Although the new metrics have a similar form to the Minkowski distance on binary set representations, they are generally different. Take for example and from a universe of elements. A sparse set representation results in the following encoding: and . The Minkowski distance of order between and is defined as

and . Substituting the numbers into the expressions above gives and for ; and for , etc. It is worth noticing that for all .

3.2 Metrics on Ontological Annotations

We have previously introduced a concept of information content of a consistent subgraph in an ontology and a measure of functional similarity that can be used to evaluate protein function prediction [Clark2013, Jiang2014]. We briefly review these concepts and then proceed to introduce unnormalized and normalized versions of the semantic distance. We prove that both distances satisfy the properties of a metric.

Suppose that the underlying probabilistic model according to which protein functional annotations have been generated is a Bayesian network structured according to the underlying ontology . That is, we consider that each concept in the ontology is a binary random variable and that the directed acyclic graph structure of the ontology specifies the conditional independence relationships in the network. Then, using the standard Bayesian network factorization we write the marginal probability for any consistent subgraph as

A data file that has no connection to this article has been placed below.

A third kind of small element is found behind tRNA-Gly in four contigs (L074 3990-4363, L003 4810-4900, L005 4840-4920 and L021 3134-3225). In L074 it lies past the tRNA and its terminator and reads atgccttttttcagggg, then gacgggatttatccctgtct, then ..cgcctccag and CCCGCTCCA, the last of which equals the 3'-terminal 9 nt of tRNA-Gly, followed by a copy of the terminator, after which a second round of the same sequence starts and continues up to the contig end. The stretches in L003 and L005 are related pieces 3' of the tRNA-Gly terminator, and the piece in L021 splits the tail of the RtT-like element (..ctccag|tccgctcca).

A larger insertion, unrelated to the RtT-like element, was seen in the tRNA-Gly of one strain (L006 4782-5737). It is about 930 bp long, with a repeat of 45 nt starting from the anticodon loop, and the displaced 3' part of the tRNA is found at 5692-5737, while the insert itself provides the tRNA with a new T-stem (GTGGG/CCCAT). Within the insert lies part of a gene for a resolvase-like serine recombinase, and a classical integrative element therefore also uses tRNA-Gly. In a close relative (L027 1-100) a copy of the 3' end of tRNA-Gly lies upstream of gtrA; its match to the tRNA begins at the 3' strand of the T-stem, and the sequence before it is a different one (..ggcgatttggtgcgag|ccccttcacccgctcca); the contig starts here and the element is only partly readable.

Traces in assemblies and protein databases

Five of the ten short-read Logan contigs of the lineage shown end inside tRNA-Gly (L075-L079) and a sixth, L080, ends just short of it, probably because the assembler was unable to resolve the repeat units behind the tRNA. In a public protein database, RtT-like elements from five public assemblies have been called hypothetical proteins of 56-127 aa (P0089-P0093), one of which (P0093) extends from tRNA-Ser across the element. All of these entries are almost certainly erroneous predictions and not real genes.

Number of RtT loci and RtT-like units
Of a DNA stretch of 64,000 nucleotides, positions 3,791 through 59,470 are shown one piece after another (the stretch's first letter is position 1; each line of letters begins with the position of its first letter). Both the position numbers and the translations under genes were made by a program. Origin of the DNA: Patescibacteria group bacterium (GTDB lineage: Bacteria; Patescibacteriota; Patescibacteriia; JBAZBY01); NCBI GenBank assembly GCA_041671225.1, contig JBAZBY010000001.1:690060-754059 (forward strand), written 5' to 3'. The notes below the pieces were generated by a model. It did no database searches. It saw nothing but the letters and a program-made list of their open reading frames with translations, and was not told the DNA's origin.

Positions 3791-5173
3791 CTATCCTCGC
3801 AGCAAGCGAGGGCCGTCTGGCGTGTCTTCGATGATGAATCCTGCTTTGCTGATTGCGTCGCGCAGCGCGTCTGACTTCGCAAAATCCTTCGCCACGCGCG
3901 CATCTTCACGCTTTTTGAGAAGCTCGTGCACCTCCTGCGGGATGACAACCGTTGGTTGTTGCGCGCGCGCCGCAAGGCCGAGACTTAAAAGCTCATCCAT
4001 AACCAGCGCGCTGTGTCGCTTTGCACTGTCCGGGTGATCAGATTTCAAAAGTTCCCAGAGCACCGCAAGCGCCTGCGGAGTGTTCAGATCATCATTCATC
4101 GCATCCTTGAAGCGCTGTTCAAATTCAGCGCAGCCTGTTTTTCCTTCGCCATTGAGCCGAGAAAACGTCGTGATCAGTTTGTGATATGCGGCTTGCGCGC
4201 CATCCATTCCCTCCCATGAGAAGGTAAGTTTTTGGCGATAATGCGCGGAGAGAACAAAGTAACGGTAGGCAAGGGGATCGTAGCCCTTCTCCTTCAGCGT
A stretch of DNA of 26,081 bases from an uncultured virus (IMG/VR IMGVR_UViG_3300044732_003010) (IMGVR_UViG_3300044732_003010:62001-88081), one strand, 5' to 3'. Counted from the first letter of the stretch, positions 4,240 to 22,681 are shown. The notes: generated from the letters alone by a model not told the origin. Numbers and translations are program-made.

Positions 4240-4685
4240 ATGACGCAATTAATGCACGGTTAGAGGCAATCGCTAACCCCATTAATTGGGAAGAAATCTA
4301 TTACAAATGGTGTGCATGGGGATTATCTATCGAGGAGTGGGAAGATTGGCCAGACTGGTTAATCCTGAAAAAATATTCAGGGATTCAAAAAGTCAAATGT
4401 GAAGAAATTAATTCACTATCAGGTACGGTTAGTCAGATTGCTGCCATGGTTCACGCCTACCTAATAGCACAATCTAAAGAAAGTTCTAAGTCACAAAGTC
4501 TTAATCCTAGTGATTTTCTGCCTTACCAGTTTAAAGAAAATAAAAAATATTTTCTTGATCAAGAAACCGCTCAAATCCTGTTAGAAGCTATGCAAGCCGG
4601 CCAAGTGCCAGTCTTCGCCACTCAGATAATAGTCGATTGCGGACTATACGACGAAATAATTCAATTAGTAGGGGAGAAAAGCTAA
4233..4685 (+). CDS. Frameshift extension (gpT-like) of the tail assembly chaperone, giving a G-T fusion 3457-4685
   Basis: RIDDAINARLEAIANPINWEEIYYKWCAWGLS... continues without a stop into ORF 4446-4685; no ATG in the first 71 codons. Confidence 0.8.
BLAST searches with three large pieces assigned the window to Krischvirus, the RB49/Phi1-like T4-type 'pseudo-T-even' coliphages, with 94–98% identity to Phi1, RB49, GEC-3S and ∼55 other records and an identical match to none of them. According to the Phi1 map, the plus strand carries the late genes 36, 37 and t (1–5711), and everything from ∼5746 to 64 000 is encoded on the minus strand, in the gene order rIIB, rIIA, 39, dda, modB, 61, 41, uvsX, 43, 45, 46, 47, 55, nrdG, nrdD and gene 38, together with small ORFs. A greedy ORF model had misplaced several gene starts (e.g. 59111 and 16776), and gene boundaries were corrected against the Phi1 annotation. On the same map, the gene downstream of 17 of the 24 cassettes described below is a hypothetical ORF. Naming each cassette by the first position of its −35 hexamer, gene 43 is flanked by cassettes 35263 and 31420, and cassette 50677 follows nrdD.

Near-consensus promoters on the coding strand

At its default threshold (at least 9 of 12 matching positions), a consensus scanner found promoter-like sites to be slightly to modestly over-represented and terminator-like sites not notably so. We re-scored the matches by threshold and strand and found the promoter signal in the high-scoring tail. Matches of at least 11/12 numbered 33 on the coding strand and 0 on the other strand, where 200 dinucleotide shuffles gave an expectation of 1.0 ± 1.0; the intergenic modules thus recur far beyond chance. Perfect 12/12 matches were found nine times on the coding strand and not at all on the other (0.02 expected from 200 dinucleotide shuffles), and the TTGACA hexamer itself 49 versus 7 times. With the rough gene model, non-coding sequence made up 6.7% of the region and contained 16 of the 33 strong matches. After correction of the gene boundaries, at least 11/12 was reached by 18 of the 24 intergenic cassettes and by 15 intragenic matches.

where is the probability that node is part of a functional annotation of a protein given that all of its parents are already part of the annotation. Due to the consistency requirements, the marginalization can be performed in a straightforward manner from the leaves of the network towards the root, excluding all nodes from . This marginalization is reasonable because biological experiments result in incomplete annotations. Thus, treating nodes not in as unknown and marginalizing over them is intuitive. Observe that each conditional probability table in this (restricted) Bayesian network needs to store a single number; i.e., the concept can be present only if all of its parents are part of the annotation. If any of the parents is not a part of the annotation , is guaranteed to not be in .